POLITICS
05/08/2017 05:28 pm ET

Sally Yates Was Fired For Deeming Trump’s Travel Ban Unlawful. She Doesn’t Regret It.

“I made a determination that I believed that it was unlawful. I also thought it was inconsistent with the principles of the Department of Justice. And I said no."

WASHINGTON ― Former Acting Attorney General Sally Yates stood by her decision to instruct Justice Department lawyers not to defend President Donald Trump’s first executive order on immigration, a move that swiftly led to her firing.

Yates revealed that the Trump administration never advised her about Trump’s executive order until it was issued on Jan. 27. She said neither DOJ leaders nor subject matter experts were consulted about the executive order.

“We weren’t even told about it,” Yates said. “I learned about this from media reports.”

Yates was fired 10 days into the Trump administration for stating the Justice Department would not defend Trump’s first executive order, which restricted travel and immigration from certain Muslim-majority countries. Yates said she analyzed the executive order in the context of Trump’s comments during the campaign on a Muslim ban, and concluded that the executive order was unlawful even if the text had been cleared by DOJ’s Office of Legal Counsel.

Yates also revealed Monday that OLC had specifically been advised not to tell her about the forthcoming executive order. (While Yates was still acting attorney general, DOJ said the OLC decision had been made “without the involvement of Department of Justice leadership.”)

Sen. Ted Cruz (R-Texas) had asked Yates whether she was aware of a situation where the attorney general overruled a decision of the Office of Legal Counsel days after it issued an order.

“I’m not, but I’m also not aware of a situation where the Office of Legal Counsel was advised not to tell the attorney general about it until after it was over,” Yates said in response.

OLC, Yates said, “has a narrow function” in the case of an executive order and did not take into account statements that might reveal the motivation for the executive order. A deeper analysis was required in this case because it dealt with a “fundamental issue of religious freedom,” Yates said.

“All arguments have to be based on truth, because we’re the Department of Justice. We’re not just a law firm, we’re the Department of Justice,” Yates testified on Monday. “In this instance, in looking at what the intent was of the executive order, which was derived from an analysis of facts outside the face of the order, that is part of what led to our conclusion that it was not lawful.”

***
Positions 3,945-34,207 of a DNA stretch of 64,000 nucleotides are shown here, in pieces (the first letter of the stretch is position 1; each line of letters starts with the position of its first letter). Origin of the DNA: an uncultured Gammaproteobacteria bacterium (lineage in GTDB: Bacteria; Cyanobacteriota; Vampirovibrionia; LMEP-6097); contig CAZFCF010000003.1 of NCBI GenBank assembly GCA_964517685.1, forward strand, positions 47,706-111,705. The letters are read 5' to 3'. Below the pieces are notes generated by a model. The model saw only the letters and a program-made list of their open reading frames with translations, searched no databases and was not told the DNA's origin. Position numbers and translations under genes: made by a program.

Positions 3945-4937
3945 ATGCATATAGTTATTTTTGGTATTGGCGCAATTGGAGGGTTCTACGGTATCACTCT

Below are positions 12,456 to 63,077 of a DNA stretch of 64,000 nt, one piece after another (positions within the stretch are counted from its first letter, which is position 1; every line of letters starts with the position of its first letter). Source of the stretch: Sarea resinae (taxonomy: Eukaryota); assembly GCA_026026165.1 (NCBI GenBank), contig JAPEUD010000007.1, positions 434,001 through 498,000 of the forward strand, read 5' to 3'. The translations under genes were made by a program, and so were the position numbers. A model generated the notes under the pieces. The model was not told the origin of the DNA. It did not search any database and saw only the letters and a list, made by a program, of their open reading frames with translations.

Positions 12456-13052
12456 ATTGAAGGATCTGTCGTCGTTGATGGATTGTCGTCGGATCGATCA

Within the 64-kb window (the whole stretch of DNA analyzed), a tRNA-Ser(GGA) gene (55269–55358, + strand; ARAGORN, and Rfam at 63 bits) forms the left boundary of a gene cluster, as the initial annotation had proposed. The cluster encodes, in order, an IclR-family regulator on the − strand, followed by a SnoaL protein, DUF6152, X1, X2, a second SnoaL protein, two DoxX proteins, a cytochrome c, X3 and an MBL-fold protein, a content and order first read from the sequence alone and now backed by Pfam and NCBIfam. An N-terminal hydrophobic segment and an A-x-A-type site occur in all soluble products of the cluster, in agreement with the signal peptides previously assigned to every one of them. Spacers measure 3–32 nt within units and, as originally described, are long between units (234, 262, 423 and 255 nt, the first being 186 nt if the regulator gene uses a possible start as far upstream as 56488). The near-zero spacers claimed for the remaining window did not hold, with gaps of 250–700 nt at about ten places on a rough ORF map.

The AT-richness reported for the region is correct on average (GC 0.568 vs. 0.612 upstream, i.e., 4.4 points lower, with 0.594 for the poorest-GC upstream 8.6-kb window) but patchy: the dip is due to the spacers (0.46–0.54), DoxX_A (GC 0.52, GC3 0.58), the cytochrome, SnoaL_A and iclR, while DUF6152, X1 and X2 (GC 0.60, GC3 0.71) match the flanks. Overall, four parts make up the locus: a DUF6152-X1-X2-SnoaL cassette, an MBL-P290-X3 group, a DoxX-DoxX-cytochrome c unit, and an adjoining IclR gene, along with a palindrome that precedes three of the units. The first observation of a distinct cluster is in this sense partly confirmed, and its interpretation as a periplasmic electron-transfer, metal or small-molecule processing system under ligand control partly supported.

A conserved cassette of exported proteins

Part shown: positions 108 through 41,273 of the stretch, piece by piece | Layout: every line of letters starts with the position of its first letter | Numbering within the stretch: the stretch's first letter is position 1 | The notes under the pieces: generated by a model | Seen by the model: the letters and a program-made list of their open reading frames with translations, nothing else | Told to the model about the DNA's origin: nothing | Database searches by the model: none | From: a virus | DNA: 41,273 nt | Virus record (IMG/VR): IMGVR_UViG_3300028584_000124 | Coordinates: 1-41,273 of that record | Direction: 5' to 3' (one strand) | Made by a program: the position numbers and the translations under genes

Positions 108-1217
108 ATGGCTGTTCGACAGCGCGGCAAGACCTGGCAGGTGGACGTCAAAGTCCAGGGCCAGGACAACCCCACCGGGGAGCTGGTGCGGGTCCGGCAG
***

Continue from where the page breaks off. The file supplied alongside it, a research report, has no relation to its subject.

Federal judges have subsequently cited Trump’s rhetoric about Muslims in court decisions, with one judge saying his words provide “significant and unrebutted evidence of religious animus.” 

Former acting Attorney General Sally Yates testifies on Monday before the U.S. Senate Judiciary Committee on Capitol Hil
JIM WATSON via Getty Images
Former acting Attorney General Sally Yates testifies on Monday before the U.S. Senate Judiciary Committee on Capitol Hill in Washington.

Sen. John Cornyn (R-Texas) had questioned Yates about her decision during an unrelated hearing on Monday, saying he voted for her because of her “distinguished” career as a federal prosecutor but found it “enormously disappointing” that she “vetoed” the Office of Legal Counsel.

But Yates said she wanted to make clear she didn’t disagree with the executive order just “purely as a policy matter” and that her analysis went much further. She recounted being asked during her confirmation as deputy attorney general what she would do if the president asked her to do something unlawful or unconstitutional. 

“I looked at this, I made a determination that I believed that it was unlawful. I also thought it was inconsistent with the principles of the Department of Justice. And I said no,” Yates said. “That’s what I promised you I would do, and that’s what I did.”

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